Step b. The estimation of the aberration distortion δ (x 1 , x, z) at 2 can be improved because these aberrations should be similar for each slope K of the matrix corresponding to the tentative line x 1 . Therefore, the variance of the estimate can be reduced simply by averaging δ (x 1 , x, z) for different slopes K of the same matrix.

  More complex recombination, such as DORT techniques can be performed (eg Prada C, Thomas JL. Experimental subwavelength localization of scatterers by decomposition of the time reversal operator interpreted as a covariance matrix. JOURNAL OF THE ACOUSTICAL SOCIETY OF AMERICA 114 (1) : 235-243 JUL 2003 and Prada C, Manneville S, Spoliansky D, et al. Decomposition of the time reversal operator: Detection and selective focusing on two scatterers. JOURNAL OF THE ACOUSTICAL SOCIETY OF AMERICA 99 (4): 2067-2076 (See Part 1 APR 1996.)

The method according to the invention is used, for example, as follows.
Implementation of at least one two-dimensional or three-dimensional ultrasound image dynamically focused on transmission and reception.
Implementation of the generation of a set of maneuverable ultrasound images that are dynamically focused on transmission and reception that can be combined incoherently to produce a composite image.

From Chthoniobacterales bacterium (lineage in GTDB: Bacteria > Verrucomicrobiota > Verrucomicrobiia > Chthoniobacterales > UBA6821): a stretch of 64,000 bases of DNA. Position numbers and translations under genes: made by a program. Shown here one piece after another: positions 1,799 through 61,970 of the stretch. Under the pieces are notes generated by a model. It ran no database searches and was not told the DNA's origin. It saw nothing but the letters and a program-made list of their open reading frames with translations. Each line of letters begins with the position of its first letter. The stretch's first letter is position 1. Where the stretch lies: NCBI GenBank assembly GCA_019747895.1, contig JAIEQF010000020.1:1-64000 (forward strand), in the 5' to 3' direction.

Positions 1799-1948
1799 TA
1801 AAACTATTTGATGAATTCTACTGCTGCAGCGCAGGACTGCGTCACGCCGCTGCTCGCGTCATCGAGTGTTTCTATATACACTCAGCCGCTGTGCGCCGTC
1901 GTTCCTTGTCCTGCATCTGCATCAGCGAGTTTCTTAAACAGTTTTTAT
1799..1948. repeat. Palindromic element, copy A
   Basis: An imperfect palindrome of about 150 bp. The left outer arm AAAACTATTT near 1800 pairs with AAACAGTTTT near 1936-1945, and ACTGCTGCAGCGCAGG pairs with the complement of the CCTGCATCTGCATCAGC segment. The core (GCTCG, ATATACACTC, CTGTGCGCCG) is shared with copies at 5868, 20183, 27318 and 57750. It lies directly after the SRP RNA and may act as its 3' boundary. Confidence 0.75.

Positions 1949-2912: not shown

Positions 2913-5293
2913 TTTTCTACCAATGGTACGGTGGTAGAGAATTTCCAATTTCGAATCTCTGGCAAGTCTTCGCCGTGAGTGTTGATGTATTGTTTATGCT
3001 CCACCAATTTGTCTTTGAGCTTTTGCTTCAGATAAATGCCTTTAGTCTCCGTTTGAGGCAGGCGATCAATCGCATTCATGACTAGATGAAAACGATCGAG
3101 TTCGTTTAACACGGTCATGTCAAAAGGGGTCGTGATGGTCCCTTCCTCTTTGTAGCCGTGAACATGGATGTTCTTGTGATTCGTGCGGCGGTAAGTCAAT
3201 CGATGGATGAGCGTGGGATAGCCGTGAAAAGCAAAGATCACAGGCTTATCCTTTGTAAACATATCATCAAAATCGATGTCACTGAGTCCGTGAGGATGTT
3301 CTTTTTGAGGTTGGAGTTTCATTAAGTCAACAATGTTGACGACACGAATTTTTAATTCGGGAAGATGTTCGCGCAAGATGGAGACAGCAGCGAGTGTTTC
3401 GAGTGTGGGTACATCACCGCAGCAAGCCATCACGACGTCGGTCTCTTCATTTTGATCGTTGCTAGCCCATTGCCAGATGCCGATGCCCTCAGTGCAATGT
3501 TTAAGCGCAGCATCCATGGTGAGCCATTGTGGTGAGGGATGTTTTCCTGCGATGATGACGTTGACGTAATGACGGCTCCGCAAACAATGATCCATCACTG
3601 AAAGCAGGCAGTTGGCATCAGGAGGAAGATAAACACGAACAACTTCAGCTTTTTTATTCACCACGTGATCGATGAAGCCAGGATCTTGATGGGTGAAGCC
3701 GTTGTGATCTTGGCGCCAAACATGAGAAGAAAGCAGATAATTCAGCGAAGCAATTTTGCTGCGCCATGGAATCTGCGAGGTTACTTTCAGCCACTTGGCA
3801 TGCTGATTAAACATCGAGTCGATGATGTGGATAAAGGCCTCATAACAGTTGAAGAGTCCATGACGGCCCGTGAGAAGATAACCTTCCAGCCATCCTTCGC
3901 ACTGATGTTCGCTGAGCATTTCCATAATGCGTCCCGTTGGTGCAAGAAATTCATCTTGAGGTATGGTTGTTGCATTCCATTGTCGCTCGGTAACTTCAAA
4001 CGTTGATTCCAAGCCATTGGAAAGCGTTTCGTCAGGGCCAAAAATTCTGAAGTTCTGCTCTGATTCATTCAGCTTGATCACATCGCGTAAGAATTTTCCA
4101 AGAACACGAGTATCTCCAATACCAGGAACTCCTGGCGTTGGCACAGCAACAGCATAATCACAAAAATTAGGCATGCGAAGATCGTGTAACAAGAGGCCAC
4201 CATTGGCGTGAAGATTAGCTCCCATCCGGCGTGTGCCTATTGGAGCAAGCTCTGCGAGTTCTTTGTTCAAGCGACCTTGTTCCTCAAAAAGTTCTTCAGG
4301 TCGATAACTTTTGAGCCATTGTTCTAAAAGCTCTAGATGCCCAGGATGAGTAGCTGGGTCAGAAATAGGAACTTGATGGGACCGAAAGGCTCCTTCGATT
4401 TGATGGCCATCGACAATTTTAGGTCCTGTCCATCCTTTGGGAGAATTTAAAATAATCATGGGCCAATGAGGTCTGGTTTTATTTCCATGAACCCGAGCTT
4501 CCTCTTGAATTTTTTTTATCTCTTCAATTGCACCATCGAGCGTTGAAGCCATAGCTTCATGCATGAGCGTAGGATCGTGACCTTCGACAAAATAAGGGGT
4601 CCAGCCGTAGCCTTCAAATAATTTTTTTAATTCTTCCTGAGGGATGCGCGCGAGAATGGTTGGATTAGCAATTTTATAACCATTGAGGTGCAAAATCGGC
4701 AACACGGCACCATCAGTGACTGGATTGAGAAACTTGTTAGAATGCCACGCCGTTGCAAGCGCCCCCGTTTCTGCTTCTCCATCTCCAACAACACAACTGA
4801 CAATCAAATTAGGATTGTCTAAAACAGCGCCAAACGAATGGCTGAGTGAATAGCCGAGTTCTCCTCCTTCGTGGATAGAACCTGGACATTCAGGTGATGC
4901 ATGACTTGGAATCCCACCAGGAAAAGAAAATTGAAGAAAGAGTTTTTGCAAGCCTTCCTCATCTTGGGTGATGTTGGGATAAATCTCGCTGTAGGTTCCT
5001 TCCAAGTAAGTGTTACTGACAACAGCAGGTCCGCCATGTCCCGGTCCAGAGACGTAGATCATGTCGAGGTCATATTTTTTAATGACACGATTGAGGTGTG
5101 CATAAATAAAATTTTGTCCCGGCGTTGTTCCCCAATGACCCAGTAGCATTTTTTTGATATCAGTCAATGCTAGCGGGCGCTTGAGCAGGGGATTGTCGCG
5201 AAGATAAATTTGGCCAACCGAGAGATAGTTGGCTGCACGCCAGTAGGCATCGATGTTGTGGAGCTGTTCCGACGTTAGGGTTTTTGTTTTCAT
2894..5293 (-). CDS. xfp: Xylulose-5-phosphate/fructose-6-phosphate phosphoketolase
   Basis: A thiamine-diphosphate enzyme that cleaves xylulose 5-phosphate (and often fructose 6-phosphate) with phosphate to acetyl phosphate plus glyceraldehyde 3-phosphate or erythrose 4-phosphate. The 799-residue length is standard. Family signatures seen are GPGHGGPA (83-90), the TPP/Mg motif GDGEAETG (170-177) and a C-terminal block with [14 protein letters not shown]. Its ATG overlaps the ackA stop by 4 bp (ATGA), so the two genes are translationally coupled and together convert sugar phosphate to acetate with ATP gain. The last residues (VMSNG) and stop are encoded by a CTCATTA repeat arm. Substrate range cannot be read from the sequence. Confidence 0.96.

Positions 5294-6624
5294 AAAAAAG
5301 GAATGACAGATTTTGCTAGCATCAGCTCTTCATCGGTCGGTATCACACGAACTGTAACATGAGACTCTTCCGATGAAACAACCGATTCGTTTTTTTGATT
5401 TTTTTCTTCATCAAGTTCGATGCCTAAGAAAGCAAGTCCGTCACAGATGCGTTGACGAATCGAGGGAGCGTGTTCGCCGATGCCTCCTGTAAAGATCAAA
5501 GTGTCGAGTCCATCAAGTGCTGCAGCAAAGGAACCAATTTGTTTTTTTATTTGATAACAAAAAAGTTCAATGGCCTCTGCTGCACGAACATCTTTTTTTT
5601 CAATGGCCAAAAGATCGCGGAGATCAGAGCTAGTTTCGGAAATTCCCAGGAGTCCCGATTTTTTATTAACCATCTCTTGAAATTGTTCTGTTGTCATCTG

Implementation of at least one two-dimensional or three-dimensional ultrasound image generation and one two-dimensional or three-dimensional color flow image generation that are dynamically focused on transmission and reception, respectively.
Implementation of at least one 2D or 3D high quality ultrasound tissue harmonic image.
Implementation of at least one 2D or 3D high quality ultrasound contrast image generation using injected contrast agent.
Implementation of at least one 2D or 3D ultrasound image generation that is dynamically focused on transmission and reception, and combined with other conventional means such as focused color flow or harmonic imaging.

Claims (13)

  1. A transmission step in which a plurality of ultrasonic waves are transmitted to an imaging region, and each set of raw data is acquired by an array of transducers corresponding to each ultrasonic wave, said ultrasonic waves having various spatial frequency components; And for each of the plurality of imaged locations of the region, each set of raw data is indicative of a time signal received by the transducer in response to the corresponding ultrasound,
    A coherence enhancement step, wherein for each of a plurality of provisional transmission focal regions of the imaging region, at least one set of coherent data is synthesized from each set of raw data;
    A phasing step, wherein for each of a plurality of locations included in each of the provisional transmission focal regions, an image pixel is calculated by phasing using the set of coherent data;
    A method of ultrasound imaging comprising:
  2.   The method according to claim 1, wherein the ultrasonic wave is a plane wave having various propagation directions.